Second, it pretty clearly states what you do get, type is not amongst them.
Lets analyze the section.
CRB p211 wrote:
Polymorph: A polymorph spell transforms your physical body to take on the shape of another creature. While these spells make you appear to be the creature, granting you a +10 bonus on Disguise skill checks, they do not grant you all of the abilities and powers of the creature.
Hmmmm, it says you appear to be the creature, not that you are the creature. It goes on to state that you do not get all abilities and powers of the creature.
So what do you get?
CRB p211 wrote:
Each polymorph spell allows you to assume the form of a creature of a specific type
You get the form. Form is not an ability but it is reasonable to believe it is the general appearance (as covered in the previous quote).
CRB p211 wrote:
Ok, so you get Ability score bonuses, Natural Armor bonuses, the creature's base speed, and benefits based on spell such as movement types, resistances, and senses.
Page 212 then goes on to state you get the form's natural attacks.
You are treating the Polymorph section as subtractive. Ie. You are treating it as you start as creature X and subtract abilities.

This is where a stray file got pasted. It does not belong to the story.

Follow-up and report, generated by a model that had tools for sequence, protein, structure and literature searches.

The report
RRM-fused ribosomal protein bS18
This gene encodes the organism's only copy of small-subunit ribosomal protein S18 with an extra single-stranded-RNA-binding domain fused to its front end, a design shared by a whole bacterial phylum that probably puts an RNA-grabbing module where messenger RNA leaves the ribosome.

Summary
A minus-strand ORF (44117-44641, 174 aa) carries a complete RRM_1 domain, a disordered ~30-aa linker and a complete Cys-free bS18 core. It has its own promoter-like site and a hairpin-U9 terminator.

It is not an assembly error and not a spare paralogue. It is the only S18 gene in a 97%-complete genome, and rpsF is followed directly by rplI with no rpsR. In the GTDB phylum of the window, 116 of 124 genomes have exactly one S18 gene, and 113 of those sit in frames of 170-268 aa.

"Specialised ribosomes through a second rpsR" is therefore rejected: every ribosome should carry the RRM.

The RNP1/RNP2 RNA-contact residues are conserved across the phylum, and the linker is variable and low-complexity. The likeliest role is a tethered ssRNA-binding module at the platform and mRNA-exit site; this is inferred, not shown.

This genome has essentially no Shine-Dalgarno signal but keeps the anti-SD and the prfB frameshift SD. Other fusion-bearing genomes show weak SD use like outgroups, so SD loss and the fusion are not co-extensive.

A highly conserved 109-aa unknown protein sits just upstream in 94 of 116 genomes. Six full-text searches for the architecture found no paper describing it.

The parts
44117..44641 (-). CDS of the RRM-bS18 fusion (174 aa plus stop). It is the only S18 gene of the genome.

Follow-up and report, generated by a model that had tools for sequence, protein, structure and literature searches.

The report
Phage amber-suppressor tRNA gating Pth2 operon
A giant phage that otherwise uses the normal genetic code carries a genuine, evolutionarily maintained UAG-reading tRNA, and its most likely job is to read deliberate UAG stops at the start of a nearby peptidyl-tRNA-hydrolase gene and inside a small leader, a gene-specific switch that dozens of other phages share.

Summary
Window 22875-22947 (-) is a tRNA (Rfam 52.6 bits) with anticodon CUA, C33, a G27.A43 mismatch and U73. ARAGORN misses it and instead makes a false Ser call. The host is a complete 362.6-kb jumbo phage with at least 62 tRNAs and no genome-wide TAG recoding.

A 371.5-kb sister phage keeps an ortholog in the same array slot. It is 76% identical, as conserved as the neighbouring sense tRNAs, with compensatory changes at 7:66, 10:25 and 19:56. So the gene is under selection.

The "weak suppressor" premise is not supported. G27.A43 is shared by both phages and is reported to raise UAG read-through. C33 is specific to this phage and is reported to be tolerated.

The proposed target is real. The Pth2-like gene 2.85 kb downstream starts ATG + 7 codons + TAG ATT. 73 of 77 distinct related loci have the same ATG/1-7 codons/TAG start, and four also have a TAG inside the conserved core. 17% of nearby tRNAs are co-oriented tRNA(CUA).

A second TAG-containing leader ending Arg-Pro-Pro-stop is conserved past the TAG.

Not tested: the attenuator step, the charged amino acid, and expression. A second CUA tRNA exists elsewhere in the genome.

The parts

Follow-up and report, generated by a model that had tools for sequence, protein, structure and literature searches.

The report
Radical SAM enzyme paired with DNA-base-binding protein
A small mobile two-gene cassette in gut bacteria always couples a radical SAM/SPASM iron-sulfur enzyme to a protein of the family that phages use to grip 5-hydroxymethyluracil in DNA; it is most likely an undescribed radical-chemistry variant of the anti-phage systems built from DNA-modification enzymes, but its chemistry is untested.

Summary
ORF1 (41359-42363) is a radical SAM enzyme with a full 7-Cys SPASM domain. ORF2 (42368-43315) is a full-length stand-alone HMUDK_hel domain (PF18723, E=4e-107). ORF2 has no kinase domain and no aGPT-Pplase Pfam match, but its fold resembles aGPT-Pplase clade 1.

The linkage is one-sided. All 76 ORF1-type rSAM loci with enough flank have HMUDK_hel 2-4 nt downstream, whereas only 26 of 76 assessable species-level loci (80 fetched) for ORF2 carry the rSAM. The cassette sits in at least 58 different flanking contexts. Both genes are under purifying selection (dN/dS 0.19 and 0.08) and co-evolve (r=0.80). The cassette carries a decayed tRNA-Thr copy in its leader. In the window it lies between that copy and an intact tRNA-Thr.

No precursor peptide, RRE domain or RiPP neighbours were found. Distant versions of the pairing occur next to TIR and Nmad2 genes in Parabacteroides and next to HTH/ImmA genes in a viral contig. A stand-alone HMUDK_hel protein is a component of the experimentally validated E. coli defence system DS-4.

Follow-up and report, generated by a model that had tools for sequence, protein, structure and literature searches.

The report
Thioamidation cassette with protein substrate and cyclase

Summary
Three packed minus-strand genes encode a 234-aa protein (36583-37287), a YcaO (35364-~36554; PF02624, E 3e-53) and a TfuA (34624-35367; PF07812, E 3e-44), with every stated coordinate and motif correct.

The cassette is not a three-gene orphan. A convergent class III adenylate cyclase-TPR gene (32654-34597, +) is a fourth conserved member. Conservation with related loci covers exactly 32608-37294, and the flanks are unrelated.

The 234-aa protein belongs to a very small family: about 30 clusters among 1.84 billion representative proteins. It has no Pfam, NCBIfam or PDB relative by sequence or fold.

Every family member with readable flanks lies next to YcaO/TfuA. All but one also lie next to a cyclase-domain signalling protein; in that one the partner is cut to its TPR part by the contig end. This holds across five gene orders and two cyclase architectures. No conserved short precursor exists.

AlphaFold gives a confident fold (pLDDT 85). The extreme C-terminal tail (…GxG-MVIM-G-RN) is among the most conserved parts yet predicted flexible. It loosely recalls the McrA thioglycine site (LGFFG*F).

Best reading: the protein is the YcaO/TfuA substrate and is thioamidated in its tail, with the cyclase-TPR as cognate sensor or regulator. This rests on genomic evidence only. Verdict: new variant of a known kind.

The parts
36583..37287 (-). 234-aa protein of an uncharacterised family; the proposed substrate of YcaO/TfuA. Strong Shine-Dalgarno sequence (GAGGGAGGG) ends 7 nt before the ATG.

However, it is clearly additive. First you get appearance, then you get ability scores, natural armor, movement types, etc.
What it never states is that you gain type. You do not gain the type.
Frankly, you are flat out ignoring the section that states you take the shape of the creature and you APPEAR to be the creature.
Crimeo, please show the line that states you get the creature type. Changing into a creature does not equate to gaining its attacks, type, or anything else unless the rules state it does.
Please show the rules that state you gain the type. So far you have failed to do so.
Your entire premise is flawed, you are operating under the assumption that by changing into a creature you become that creature except as the rules dictate.
The correct premise is that you change into that creature with the specific abilities the rules dictate and nothing that the rules did not dictate.
Crimeo, the way that Pathfinder polymorph works is that you change into something resembling that creature, but you don't actually change into that creature. The Devs have stated this numerous times.
Every time the polymorph section references that you take a form that does not include the type of that form because it never states you do.
Every time the polymorph section references creature type it is referencing the type of the creature who's form you are taking. It never states that your type actually changes to match the creature's type.
If it did then you would be immune to critical hits when you use Elemental Body 1.
Now, you can take this at face value or you can do what you usually do and argue it until people get tired of it and walk away. It doesn't really matter. Everyone else knows how this works.